A vast majority of middle-income families are paying higher personal income taxes due to tax changes made by the Liberal government, a new study by the Fraser Institute finds.
The study, which focuses on couples or single parents with children under the age of 18, finds that 86 percent of families with combined incomes between $84,625 and $118,007, which the authors defined as middle-income families, are paying $800 more on average.
“For the subset of middle income families consisting of couples with children, an even greater share (89 percent) pays higher income taxes ($902 on average),” the study said.
The authors argued—contrary to what the Liberals proclaimed in their first budget in 2016 that “the government has cut taxes for middle class Canadians everywhere”—the “reality” of the changes made to the income tax is “more complicated” than it seems.
“The federal government has repeatedly asserted that it lowered personal income taxes for the middle class when in fact it increased the personal income tax burden on most middle-class families,” said Jake Fuss, senior economist at the Fraser Institute and co-author of the study, in a media release.
The study noted that although the Liberals reduced the second-lowest federal personal income tax rate from 22 percent to 20.5 percent ever since they became government in October 2015, they also scrapped several tax credits that more than offset the savings from the tax rate reduction.
One of these tax credits, whose elimination caused most of the increase in overall income taxes, is income splitting—a so-called “Family Tax Cut” introduced by the Conservatives in 2014 that allowed couples with children under the age of 18 to split part of their income to reduce their tax bill, saving up to $2,000 in taxes each year.
The rest include the children’s fitness tax credit, children’s arts tax credit, education tax credit, textbook tax credit, and the public transit tax credit.
The study, however, excluded a number of other reforms, such as higher payroll taxes to fund the expansion of the Canada Pension Plan, which is beyond the scope of the analysis, according to the authors.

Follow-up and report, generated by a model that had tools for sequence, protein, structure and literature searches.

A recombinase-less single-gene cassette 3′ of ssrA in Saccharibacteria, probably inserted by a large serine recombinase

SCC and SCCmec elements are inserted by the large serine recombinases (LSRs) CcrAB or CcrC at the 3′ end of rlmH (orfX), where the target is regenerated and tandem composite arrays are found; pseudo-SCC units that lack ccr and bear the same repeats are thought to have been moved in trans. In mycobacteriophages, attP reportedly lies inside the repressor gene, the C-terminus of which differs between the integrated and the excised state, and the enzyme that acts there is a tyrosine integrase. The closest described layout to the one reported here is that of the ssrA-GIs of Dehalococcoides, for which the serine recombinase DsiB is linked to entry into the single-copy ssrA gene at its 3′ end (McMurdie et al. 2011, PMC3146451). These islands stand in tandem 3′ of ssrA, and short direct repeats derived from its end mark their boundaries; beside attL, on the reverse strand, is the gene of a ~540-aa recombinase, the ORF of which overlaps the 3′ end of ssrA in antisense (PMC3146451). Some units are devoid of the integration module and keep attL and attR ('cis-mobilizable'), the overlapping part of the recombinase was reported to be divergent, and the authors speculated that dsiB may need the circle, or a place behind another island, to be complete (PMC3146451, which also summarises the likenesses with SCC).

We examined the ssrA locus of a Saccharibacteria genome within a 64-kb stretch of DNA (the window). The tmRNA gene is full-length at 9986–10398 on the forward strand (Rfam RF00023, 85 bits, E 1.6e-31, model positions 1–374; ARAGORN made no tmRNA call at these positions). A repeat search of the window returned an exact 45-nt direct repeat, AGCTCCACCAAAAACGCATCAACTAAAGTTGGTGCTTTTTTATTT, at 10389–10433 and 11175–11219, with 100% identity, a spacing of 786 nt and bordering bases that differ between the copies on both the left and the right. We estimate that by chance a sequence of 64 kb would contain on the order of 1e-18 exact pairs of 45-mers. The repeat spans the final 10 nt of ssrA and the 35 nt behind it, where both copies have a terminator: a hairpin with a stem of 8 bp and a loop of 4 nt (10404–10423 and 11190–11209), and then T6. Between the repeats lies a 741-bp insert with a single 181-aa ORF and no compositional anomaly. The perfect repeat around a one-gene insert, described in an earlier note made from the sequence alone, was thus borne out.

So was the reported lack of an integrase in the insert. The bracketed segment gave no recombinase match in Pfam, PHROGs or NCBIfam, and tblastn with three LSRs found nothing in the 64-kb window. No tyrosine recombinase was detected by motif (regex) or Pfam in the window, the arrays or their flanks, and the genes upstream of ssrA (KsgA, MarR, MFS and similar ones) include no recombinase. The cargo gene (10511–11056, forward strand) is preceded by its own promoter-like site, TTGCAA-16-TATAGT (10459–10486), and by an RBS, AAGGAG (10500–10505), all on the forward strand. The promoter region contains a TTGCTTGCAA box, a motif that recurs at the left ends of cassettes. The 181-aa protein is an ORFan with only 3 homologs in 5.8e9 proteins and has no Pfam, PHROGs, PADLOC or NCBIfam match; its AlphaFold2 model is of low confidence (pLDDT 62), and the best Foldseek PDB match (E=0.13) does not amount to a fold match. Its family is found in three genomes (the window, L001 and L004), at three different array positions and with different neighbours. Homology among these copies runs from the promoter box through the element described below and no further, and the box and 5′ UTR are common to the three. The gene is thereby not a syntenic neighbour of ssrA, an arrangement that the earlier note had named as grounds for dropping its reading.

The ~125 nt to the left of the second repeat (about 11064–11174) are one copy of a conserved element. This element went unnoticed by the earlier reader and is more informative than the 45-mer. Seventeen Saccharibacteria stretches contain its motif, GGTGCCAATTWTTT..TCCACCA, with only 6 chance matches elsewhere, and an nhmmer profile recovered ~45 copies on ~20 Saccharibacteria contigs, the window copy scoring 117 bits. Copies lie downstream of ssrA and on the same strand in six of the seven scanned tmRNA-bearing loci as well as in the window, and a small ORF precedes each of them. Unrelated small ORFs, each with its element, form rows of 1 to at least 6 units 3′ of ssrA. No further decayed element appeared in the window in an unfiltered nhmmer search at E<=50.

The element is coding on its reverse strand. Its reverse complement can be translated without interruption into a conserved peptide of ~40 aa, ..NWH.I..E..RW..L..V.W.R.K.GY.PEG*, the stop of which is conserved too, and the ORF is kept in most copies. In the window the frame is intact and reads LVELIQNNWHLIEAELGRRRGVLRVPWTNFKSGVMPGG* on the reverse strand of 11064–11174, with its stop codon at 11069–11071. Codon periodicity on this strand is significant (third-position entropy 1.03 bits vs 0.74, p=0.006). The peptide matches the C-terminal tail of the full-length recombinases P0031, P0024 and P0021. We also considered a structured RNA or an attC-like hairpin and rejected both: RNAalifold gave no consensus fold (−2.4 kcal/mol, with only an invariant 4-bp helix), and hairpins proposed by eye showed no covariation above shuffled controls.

A breakdown of the $800 shows that the lowered tax rate resulted in a $243 reduction, but the elimination of income splitting increased the average income taxes by $989. The removal of other tax credits added another $81, while “indirect effects,” of which the Quebec Abatement is the main driver, reduced the amount by $27.
Fuss said while the federal government’s tax-cutting claim focuses on middle-class families, many details are not clearly spelled out to them.
“By promoting one income tax change and downplaying others, Ottawa paints an incomplete picture of the overall impact of their tax changes, which have imposed a higher personal income tax bill on the vast majority of middle-class families,” he said.
The study compared federal personal income taxes for families with children in 2015 versus 2019. It uses a modeling tool by Statistic Canada that includes information for more than 1 million Canadians in over 300,000 households and about 600 variables for each individual.
The reason why 2019 was chosen as the year for comparison instead of 2020 is due to the COVID-19 pandemic.
“Simply put, the effects of COVID and governments’ responses to it in 2020 introduce a host of anomalies that make any comparison using 2020 very difficult to interpret,” the authors said.
“Moreover, sufficient data for 2021 is not yet available and there remain some anomalies from the ongoing responses to COVID.”